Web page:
The NWMO remains on track to identify a single, preferred site by 2023, with operations expected to begin in the early 2040s. Once the site is selected, the NWMO will move forward together with host communities to implement partnership agreements, develop the Centre of Expertise, finalize the safety case, and prepare for the regulatory processes it must complete before construction and operations can begin.

More information about Canada’s Plan.


Early engagement with SMR vendors on technical specifications and costs

Responds to SMR Roadmap recommendation(s): 30


In response to recommendation #30, the NWMO continues to actively encourage SMR proponents to engage with it early in their program development. The NWMO also remains available to SMR proponents to provide background information on Canada’s plan.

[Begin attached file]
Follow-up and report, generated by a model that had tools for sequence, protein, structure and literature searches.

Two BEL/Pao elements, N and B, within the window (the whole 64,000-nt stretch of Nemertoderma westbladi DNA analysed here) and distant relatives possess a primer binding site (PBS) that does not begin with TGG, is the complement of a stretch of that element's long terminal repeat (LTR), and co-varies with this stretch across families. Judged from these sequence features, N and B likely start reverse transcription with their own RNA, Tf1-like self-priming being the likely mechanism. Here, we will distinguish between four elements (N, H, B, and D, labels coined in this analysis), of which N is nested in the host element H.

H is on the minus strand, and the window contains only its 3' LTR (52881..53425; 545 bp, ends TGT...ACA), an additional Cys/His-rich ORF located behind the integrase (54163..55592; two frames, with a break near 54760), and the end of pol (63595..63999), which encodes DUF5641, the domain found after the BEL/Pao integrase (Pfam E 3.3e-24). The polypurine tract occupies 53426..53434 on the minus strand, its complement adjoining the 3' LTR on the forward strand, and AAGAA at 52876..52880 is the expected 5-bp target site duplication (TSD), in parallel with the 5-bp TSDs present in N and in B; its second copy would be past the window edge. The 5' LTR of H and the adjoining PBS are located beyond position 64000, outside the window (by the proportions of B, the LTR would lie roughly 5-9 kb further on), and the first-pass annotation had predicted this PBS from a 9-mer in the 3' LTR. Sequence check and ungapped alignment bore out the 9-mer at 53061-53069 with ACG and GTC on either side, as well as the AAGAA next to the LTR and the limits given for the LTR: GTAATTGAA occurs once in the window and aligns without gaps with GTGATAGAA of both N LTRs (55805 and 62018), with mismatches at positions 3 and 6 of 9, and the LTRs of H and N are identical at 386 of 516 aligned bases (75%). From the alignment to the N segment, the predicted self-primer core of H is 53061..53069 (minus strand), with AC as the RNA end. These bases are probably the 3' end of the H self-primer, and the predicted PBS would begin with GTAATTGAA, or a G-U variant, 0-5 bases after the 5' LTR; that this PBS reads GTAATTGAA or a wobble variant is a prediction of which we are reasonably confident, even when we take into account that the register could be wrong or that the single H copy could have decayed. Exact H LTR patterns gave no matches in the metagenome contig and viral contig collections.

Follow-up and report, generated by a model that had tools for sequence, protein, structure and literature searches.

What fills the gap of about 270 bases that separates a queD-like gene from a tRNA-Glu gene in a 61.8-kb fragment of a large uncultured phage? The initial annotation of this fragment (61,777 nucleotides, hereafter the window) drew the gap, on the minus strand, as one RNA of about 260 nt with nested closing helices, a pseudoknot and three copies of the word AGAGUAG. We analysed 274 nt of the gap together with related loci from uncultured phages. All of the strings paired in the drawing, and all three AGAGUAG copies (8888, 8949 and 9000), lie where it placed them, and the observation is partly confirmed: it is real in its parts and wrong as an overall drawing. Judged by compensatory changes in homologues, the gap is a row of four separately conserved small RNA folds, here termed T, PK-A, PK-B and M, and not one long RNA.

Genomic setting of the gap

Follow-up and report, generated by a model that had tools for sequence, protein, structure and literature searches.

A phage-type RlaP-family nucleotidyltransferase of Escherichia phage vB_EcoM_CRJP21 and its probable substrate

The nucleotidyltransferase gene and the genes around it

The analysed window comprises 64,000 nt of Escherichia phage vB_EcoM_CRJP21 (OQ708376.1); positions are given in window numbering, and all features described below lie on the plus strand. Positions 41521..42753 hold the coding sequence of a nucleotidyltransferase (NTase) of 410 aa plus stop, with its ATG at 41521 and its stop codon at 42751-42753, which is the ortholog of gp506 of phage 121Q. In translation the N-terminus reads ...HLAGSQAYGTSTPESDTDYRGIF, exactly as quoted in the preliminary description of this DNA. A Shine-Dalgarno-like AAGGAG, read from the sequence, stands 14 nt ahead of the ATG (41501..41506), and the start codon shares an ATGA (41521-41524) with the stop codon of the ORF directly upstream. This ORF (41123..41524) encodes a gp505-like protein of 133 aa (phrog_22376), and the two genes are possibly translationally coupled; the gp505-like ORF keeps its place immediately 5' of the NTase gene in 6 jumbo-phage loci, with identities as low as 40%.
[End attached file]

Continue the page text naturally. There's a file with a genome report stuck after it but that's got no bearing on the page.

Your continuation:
Some SMR vendors have engaged with the NWMO in preliminary discussions. Given the proprietary nature of the information that needs to be shared, this is done through the use of non-disclosure agreements.

In many cases, there is still limited information available from proponents on potential fuel wastes. The NWMO provides the type of information to proponents that would be important to support an assessment of the fuel waste from a long-term disposal perspective.

Under its current mandate through the Nuclear Fuel Waste Act, and associated funding agreement, the NWMO does not have a budget to undertake studies or assessments specific to any proponent or technology, however, it can enter into commercial arrangements to conduct such studies on a cost recoverable basis.


  • The technical specifications for a safe disposal facility for used fuel to accommodate used fuel types from SMRs that could be deployed in Canada.
  • SMR vendors are clear on the requirements for any conditioning of waste for acceptance at the used fuel waste facility.